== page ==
You do develop a tolerance for it, though, which I developed, so I couldn’t trust my own instincts, after a time. I had to just go by the numbers and say, “What is the convergence on this? How different is it?” In addition, it’s about where images are on the screen. You don’t want to make the audience look both left and right, dramatically from cut to cut, and change the convergence. It’s just too much of a strain. It also has to do with brightness and ghosting in the background, and a minimization of that, and a contrast ratio that’s much tighter than a normal picture.
There are a lot of other technical ways to minimize stress on the audience. So, I had to learn so much about 3D. I had to learn about creating a whole world. I surrounded myself with the best artists – storyboard artists, visual effects artists, concept artists, landscape artists, greenswomen and men, and people who really knew how to create a world, from the ground up. I had never created a world before. Every single blade of grass and little blossom has been thought out by an individual artist. Every insect is not from a library or from nature photography, but it’s created by artists. There are little zebra bees that you can’t even see. There are strange little white-haired squirrels that are half-muskrat, half-squirrel that inhabit this land. There are giant creatures that lope like dinosaurs that you only see in the background. Everything had to be handmade and designed. I’d never been part of anything so gigantic before. That was a new challenge.
Because of your horror background, were you ever tempted to make the wicked witch scarier?
RAIMI: I love making those horror movies, but I was really guided by Mila Kunis’ performance and what her instincts were, in playing that character, and she decided that she would play her like a woman scorned. She wasn’t really thinking about the fact that she was green. She was playing it as an innocent who fell in love and her heart was broken and she suffered, but she couldn’t take the suffering and wanted to end that suffering, and her sister was all too willing to let that suffering end. It awakened something that was already there, but just fueled the fire, and that rage drove her. So, I wasn’t tempted to make it more like a horror movie. I wanted her to guide us, and I would follow her with the camera.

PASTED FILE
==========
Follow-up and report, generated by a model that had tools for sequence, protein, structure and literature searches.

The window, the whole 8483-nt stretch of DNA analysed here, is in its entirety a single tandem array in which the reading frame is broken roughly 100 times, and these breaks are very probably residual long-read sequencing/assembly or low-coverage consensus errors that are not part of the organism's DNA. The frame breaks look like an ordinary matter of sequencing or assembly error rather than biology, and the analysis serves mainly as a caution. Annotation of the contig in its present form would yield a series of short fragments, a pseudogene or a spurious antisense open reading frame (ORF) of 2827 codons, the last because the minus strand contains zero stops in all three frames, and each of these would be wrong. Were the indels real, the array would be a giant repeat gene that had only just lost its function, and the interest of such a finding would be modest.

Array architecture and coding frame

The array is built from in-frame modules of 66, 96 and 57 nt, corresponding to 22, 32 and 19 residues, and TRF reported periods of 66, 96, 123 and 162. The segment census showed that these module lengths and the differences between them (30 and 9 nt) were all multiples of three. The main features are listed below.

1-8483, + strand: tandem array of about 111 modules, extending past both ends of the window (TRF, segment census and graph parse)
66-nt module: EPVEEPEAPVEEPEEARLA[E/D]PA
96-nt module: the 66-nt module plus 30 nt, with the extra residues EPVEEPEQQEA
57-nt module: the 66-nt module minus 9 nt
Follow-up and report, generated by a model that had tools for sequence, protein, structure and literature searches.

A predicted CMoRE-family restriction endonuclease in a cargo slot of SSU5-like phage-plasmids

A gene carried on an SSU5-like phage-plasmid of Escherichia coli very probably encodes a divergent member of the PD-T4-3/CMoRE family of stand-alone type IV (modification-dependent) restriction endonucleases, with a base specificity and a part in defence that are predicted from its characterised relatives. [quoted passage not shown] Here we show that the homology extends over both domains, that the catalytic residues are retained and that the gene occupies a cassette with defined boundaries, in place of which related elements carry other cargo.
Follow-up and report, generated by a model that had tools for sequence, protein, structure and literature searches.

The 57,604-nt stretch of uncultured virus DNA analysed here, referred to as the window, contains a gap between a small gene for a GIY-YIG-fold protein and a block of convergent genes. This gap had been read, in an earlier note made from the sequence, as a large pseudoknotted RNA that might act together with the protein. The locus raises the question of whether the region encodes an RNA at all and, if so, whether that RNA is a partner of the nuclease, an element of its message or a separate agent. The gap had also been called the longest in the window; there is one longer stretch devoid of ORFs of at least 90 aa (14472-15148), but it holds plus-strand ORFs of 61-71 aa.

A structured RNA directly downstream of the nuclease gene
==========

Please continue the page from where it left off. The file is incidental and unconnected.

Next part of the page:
How amenable were Michelle Williams and Rachel Weisz, to doing all of the wire work for their big fight scene?
RAIMI: The ladies were very good sports. The truth is that I think it’s fun on the wires for about the first 20 minutes. But, around hour four of hanging up there, I know the straps of those wires cut into you and dig into your legs and your arms. You’ve always got to exert a great degree of muscle control to look like you’re floating on your own power. That gets very exhausting and leaves its marks.
How did you decide on the design for the dresses that the women would wear?
RAIMI: Both of the ladies put a lot of input into their wardrobe and made it what it was. I don’t think they were half the outfits they turned out to be, until they added touches coming out of their character, which these particular dresses needed. And they were very important outfits because they each only change once. Glinda changes for battle. Michelle decided that her dress was a little too frilly to go into battle with. She needed a more serious outfit that was a battle dress. Evanora had a green dress because she was caring for the Emerald City. And then, when she was revealed to be wicked, the black came out.
Walt Disney wanted to tackle a film set in the Land of Oz, a long time ago, but never got the chance. What does it mean to you to accomplish that for his studio?
RAIMI: Well, I learned that Walt Disney wanted to make an Oz picture only recently, when the movie was almost finished. The guys from the marketing department said, “Take a look at this reel that we’re going to put on the DVD,” and it showed how Walt was trying to get the rights to the Oz books and how he was going to get his army of Mouseketeers together to each play a part, which I don’t think would have worked very well. So, it was a passionate dream of his. I thought that was very touching because all I wanted to do was make the ultimate Walt Disney picture. I thought this movie always could be for families, and that it could be uplifting. It makes sense, in retrospect, that it was Walt’s dream to make an Oz picture. I hope that Walt would have liked the movie. There’s no violence in the picture, so I think he would like that. There are some classic Disney princesses and witches in the picture, and I think he would like that. And it’s got little bluebirds and cuddly creatures like the blue monkey, so I think he might have liked it. Unless he hated it. It’s hard to say what he would have liked. But, I was honored to make it and surprised to find out that he had intended to make an Oz picture.
Oz the Great and Powerful opens in theaters on March 8th.